human rights

Fannie Lafontaine

Professor Fannie Lafontaine takes honors in Canada’s Top 25 Most Influential Lawyers

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Professor Fannie Lafontaine, a full professor at the Faculty of Law of Université Laval, chair of the Canada Research Chair in International Criminal Justice and Human Rights, Director of the Canadian Partnership for International Justice and Co-Director of the International Criminal and Humanitarian Law Clinic, has been recognized by Canadian Lawyer Magazine in its prestigious annual Canada’s Top 25 Most Influential Lawyers.

Competing in the Government/Non-Profits/Associations category, she was named one of 25 lawyers and judges from across the country who have made a significant contribution to their profession and to Canadian society, a well-deserved honor.

Canadian Lawyer Magazine, which received 22,409 votes this year, reports a praise received on Professor Lafontaine: “Fannie Lafontaine’s analysis of genocide, as well as her impactful reports and interventions, are having huge impacts on the narrative surrounding the First Nations’ human rights violations in Canada”.

In recent years, Fannie Lafontaine has played an unprecedented role as an independent civilian observer of the police investigation into allegations of criminal conduct by police officers against Indigenous people across Quebec. Her expertise brought to light the existence of systemic racism in the police force towards Indigenous peoples in Quebec, contributing to the creation of the Viens Commission of Inquiry. In this role, rendered necessary  by a serious social crisis, she helped develop principles for assessing the integrity and impartiality of police investigations against other police officers, particularly in an Indigenous context.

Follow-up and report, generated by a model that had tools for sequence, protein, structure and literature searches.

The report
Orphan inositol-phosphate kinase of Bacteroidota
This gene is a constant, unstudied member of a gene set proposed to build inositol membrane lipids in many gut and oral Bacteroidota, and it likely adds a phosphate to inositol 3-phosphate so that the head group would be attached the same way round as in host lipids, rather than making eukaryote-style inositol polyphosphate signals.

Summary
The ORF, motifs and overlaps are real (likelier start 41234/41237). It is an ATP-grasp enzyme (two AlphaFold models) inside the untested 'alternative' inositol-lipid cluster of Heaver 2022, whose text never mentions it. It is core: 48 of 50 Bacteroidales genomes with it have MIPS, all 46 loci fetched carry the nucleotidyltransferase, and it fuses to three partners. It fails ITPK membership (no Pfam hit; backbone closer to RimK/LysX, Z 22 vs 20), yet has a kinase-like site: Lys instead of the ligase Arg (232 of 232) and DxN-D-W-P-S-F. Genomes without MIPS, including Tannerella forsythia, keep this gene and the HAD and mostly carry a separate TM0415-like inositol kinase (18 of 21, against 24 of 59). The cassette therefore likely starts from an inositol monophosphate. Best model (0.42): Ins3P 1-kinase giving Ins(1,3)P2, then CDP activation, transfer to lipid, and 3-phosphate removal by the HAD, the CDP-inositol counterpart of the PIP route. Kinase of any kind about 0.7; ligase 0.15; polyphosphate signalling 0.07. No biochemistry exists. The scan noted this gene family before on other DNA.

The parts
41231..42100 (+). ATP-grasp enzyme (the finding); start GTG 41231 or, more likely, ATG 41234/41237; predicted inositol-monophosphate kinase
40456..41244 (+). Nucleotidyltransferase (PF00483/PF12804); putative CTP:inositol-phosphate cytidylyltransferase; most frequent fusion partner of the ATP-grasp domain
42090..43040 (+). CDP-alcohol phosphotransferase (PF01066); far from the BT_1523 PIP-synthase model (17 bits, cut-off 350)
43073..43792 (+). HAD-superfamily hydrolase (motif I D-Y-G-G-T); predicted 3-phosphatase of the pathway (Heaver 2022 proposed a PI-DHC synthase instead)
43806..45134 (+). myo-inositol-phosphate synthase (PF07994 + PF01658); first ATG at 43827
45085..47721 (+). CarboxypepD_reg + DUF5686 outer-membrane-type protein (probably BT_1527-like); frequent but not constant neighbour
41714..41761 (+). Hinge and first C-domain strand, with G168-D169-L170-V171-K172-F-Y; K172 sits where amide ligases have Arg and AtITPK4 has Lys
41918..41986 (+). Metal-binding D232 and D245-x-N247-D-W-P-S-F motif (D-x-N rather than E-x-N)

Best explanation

She was also the lead drafter of the Supplementary Report to the National Inquiry into Missing and Murdered Indigenous Women and Girls, “A Legal Analysis on Genocide.” The report sparked a discussion countrywide and received wide international coverage, including at the United Nations and the Organization of American States. The painful discoveries of missing children from former residential schools across Canada further validate the importance and relevant of her analysis .

Fannie Lafontaine’s recent contributions are at the heart of some of the most pressing legal and societal issues in Canada and have influenced how colonial violence and systemic racism against Indigenous peoples can be named, addressed and deconstructed.

Congratulations to Fannie Lafontaine!

Fannie Lafontaine

Nobel Women’s Initiative present – NASRIN

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Nobel Women’s Initiative presented a screening of the movie Nasrin followed by a panel. Human rights lawyer Amanda Ghahremani hosted the discussion with Nobel laureate Shirin Ebadi, activist Maryam Shafipour & filmmaker Jeff Kaufman about Women Human Rights Defenders’ movement and the movie Nasrin.

5th Annual Global Business and Human Rights Scholars’ Conference

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The 5th Annual Global Business and Human Rights Scholars’ Conference was held at Essex University in Colchester (UK).

Professor Penelope Simons gave a presentation on “Using International Investment Agreements to Address Corporate Impunity for Human Rights Violations in the Extractive Sector”.

No Peace without Women’s Rights – Breaking the Cycle of Conflict in Afghanistan

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The webinaire “No Peace without Women’s Rights – Breaking the Cycle of Conflict in Afghanistan” was organized by the Centre for Human Rights and Legal Pluralism and the Women Living Under Muslim Laws International Solidarity Network.

Professor Payam Akhavan gave the welcome word. The discussion was with Dr. Sima Samar and Dr. Sally Armstrong. Professor Homa Hoodfar (Concordia) gave remarks, and Professor Vrinda Narain (McGill) moderated.

Panel on the Rohingya crisis